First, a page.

Downtown Portland

Downtown Portland

Downtown Portland centers around Pioneer Courthouse Square, a lively central public meeting place. The Square is the most visited site in Portland and hosts more than 300 events a year such as political rallies, festivals, and concerts. Pioneer Square features an amphitheater, a central waterfall fountain, and handmade bronze tiles that depict Portland's history. The more than 68,000 named bricks that pave the surface of the Square were purchased by local citizens and businesses.

Tom McCall Waterfront Park is another center of activity in Downtown Portland. The green park blocks run the length of the downtown area along the Willamette River. Much of the fun can be found around the Salmon Street Fountain where children love to play in the summertime. Portland's largest outdoor festivals are held at Waterfront Park. The wide concrete walkway that winds through the park and along the river is usually crowded with people strolling, on bicycles or rollerblades.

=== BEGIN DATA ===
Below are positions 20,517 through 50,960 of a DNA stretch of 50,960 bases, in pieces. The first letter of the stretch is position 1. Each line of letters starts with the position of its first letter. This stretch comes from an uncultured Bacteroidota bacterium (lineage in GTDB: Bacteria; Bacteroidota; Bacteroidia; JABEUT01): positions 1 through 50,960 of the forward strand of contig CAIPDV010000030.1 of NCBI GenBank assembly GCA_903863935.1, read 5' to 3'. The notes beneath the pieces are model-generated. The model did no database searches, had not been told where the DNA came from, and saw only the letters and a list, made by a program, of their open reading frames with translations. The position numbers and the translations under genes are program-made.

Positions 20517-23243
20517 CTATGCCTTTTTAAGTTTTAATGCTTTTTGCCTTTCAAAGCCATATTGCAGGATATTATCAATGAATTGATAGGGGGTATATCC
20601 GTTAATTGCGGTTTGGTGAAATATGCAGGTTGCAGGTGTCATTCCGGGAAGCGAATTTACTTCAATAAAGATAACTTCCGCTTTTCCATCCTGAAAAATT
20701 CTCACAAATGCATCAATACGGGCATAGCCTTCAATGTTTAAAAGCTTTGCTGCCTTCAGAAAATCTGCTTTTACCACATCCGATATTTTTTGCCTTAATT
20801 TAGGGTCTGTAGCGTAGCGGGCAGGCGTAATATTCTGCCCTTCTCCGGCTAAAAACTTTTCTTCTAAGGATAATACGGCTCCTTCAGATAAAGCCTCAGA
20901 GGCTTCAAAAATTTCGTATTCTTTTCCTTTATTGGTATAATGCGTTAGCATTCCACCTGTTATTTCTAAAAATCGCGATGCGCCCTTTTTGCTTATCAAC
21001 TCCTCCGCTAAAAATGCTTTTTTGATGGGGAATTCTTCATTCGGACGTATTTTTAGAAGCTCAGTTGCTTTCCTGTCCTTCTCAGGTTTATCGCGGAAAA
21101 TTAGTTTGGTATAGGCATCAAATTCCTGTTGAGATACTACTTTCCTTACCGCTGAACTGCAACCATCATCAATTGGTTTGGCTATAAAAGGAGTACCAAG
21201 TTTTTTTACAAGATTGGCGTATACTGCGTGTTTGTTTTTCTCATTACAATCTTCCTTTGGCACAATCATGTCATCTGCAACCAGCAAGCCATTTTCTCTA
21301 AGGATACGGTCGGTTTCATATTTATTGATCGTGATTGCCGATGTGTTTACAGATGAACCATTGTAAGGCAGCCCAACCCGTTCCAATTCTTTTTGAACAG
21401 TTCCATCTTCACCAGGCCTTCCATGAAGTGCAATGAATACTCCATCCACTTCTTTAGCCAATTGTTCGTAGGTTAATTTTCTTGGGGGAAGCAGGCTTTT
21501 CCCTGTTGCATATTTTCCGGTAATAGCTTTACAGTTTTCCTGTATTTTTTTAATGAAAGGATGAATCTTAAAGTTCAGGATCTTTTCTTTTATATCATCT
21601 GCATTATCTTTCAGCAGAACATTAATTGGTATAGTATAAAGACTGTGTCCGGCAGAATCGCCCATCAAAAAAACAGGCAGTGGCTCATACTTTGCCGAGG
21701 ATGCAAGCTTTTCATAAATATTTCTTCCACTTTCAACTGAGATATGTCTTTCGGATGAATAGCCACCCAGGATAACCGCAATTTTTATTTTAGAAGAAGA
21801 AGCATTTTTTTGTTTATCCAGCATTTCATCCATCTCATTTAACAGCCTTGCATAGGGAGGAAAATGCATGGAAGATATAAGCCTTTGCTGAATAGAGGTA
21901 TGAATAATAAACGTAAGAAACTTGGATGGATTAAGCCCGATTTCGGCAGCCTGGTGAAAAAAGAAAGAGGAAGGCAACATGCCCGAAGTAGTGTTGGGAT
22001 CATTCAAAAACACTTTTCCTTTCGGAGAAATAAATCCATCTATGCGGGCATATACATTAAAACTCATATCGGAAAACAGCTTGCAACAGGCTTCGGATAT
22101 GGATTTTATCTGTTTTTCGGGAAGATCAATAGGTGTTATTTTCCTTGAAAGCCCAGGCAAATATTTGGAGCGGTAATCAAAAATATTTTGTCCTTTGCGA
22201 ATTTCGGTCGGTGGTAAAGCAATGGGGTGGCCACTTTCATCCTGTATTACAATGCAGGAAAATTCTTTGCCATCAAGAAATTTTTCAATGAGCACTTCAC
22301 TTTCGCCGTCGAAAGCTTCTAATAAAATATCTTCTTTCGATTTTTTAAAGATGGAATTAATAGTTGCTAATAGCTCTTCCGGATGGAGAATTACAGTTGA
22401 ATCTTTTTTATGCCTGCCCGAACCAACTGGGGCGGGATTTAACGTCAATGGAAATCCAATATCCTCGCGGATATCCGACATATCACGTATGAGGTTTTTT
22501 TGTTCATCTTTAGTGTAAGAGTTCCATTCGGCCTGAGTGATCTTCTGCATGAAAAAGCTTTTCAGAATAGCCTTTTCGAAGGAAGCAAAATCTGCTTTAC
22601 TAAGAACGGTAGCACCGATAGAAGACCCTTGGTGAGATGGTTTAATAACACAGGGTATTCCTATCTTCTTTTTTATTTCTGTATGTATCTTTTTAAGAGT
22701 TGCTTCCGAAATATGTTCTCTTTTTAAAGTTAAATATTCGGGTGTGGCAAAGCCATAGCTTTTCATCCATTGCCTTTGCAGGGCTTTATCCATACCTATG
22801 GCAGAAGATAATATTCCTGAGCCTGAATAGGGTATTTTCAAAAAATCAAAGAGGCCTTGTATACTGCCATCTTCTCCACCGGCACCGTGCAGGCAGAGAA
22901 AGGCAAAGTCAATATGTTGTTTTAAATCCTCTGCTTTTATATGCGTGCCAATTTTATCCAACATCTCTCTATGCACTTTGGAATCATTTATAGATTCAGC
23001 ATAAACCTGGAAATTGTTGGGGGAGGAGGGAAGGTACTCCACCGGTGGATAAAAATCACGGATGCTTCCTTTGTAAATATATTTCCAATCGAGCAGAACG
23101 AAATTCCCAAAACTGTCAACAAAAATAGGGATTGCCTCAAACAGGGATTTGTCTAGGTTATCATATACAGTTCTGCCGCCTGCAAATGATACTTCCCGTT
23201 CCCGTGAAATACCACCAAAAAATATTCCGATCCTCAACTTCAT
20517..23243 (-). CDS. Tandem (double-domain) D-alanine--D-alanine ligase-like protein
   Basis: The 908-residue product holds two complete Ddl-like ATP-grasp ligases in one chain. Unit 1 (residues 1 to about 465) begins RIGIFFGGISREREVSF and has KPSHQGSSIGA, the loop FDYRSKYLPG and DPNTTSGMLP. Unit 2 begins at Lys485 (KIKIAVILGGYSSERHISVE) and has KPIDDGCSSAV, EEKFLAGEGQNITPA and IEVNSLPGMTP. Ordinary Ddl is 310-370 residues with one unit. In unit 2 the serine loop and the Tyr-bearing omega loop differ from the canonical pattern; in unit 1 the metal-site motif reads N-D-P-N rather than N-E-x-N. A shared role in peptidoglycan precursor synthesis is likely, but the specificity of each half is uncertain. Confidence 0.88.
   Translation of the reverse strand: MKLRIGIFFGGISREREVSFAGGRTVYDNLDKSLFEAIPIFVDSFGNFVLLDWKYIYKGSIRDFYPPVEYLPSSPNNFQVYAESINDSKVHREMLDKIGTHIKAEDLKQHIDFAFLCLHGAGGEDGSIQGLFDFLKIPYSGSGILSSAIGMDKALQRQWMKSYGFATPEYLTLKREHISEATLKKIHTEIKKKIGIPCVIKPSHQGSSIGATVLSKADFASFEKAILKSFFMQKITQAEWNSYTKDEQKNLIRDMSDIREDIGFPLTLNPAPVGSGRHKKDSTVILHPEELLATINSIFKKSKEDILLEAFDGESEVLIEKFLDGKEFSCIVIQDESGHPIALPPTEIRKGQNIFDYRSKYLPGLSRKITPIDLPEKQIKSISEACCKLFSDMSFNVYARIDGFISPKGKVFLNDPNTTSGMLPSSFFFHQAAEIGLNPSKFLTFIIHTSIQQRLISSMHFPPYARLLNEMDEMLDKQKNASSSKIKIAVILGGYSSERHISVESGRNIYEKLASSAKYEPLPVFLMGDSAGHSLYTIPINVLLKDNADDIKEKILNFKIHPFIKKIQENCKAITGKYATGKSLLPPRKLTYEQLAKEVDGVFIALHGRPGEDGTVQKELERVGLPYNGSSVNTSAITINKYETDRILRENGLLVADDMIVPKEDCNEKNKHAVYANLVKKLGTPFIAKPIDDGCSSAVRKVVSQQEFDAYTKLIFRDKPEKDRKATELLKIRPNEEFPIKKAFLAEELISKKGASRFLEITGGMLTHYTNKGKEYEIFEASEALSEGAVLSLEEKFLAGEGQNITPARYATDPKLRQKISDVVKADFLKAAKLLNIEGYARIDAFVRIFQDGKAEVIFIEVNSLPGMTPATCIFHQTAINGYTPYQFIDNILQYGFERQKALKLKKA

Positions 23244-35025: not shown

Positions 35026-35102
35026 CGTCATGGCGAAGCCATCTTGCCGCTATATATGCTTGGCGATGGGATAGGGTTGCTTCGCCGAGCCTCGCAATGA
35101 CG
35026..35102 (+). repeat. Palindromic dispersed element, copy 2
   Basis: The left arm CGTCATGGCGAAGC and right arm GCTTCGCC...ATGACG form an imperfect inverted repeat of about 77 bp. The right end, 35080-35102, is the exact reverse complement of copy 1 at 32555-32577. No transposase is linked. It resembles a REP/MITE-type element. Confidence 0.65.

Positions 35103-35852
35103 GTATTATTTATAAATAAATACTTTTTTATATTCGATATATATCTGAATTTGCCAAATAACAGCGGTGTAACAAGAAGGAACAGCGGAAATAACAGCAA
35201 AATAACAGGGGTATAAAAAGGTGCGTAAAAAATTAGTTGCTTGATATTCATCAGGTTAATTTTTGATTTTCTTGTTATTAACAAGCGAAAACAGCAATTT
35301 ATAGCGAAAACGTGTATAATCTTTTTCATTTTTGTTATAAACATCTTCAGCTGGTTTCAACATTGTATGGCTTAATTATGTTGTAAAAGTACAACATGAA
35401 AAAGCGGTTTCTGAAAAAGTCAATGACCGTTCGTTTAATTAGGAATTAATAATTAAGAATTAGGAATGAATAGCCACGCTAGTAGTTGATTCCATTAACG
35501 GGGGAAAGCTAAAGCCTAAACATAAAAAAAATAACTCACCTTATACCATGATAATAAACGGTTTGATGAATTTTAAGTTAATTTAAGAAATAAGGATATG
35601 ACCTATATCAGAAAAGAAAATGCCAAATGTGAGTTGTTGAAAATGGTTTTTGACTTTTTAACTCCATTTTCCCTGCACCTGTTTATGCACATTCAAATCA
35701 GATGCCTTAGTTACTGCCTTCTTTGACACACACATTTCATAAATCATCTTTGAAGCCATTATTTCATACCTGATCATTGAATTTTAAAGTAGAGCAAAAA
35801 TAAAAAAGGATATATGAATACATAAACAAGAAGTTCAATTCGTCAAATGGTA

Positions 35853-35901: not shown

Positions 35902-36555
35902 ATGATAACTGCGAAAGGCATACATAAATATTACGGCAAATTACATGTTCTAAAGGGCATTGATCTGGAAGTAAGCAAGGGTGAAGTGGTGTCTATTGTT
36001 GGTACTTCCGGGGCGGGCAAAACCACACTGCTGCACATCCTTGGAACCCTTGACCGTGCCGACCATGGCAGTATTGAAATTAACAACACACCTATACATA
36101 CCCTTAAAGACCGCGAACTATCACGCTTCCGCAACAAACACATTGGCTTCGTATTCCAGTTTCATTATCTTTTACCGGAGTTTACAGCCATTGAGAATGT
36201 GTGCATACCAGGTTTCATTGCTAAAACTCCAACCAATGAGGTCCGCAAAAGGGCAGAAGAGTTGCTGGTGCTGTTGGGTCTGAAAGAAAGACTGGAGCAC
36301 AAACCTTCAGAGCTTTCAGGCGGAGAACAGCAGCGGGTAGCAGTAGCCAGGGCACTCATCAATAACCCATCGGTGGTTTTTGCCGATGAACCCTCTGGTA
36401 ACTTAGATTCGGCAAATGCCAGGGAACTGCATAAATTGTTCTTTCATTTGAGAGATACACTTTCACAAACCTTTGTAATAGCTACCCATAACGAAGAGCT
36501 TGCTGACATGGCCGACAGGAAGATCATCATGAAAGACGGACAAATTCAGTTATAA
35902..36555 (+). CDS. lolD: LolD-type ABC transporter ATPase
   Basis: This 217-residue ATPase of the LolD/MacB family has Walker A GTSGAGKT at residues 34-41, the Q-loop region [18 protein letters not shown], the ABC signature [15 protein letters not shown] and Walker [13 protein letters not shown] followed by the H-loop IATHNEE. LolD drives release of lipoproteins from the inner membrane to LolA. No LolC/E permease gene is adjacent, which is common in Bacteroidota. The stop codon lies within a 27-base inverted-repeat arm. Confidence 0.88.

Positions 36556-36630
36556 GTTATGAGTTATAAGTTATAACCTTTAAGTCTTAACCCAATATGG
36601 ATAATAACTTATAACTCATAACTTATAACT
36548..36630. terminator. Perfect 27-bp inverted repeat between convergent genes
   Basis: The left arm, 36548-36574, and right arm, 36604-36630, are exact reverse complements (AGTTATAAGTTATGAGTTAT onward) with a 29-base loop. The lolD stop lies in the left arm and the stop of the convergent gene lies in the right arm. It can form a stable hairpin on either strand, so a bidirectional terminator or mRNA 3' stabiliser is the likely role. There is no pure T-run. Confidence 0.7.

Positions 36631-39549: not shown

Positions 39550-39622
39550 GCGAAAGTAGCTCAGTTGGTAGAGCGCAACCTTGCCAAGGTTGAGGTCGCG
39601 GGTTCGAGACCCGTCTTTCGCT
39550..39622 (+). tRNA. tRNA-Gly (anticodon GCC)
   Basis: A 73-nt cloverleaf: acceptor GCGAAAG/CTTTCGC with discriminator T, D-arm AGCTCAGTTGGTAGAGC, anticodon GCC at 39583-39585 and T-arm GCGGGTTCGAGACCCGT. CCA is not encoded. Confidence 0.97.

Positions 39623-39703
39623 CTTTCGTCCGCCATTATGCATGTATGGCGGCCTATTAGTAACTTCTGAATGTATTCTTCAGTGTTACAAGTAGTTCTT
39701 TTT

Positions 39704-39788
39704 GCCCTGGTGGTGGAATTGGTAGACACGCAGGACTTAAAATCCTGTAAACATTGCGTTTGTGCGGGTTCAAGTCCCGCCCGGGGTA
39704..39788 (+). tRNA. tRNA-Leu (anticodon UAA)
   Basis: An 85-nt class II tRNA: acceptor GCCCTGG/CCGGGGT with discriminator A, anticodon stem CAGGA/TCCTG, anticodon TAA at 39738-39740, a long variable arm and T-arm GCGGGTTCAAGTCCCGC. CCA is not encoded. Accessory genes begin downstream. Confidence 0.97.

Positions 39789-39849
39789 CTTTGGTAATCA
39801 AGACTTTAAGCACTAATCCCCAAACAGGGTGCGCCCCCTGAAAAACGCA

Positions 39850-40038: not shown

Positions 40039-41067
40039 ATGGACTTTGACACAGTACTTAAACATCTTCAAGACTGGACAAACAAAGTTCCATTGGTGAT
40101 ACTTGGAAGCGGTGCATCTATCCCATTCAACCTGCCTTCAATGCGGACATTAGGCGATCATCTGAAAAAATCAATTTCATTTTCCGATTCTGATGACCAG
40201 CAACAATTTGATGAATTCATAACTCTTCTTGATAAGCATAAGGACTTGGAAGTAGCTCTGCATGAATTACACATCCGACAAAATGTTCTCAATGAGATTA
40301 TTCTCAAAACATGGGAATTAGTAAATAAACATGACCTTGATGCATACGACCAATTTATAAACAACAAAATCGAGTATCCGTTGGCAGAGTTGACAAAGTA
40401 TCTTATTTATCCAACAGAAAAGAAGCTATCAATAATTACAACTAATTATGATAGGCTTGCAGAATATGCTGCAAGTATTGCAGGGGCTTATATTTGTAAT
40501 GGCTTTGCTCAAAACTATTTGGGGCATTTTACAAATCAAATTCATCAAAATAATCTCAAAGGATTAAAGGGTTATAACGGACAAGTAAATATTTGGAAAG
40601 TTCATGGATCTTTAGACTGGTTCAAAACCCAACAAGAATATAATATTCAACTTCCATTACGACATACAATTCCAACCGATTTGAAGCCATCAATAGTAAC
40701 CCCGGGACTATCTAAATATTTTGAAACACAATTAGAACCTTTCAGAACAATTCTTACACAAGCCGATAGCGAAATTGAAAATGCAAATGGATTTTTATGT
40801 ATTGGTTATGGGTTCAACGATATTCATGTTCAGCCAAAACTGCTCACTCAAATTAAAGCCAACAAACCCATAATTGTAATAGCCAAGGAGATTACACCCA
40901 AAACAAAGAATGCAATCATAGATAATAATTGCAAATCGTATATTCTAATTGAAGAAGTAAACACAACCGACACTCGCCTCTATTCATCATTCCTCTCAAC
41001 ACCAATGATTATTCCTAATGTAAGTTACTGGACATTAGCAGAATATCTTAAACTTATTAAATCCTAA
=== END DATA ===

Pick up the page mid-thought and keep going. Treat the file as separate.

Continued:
The downtown area has many decorative fountains, with a large percentage of the fountains using recycled water. Among the unique features in downtown Portland are the bronze four-bowl fresh-water drinking fountains known as Benson Bubblers. They were commissioned by Simon Benson in 1912 as a way to give fresh drinking water to the workers of the city.

Downtown Portland has a vibrant arts community which includes the Portland Art Museum, the internationally-known Oregon Symphony, and the Arlene Schnitzer concert hall, as well as many art galleries and museums. Outdoor art displays and statues, often whimsical, can be found all around downtown. A bronze statue in Pioneer Square named "Allow Me" (often called Umbrella Man) offers his umbrella to anyone strolling by. Portlandia, a copper statue made by Ramond Kasky kneels over the entrance to The Portland Building and is second only in size to the Statue of Liberty.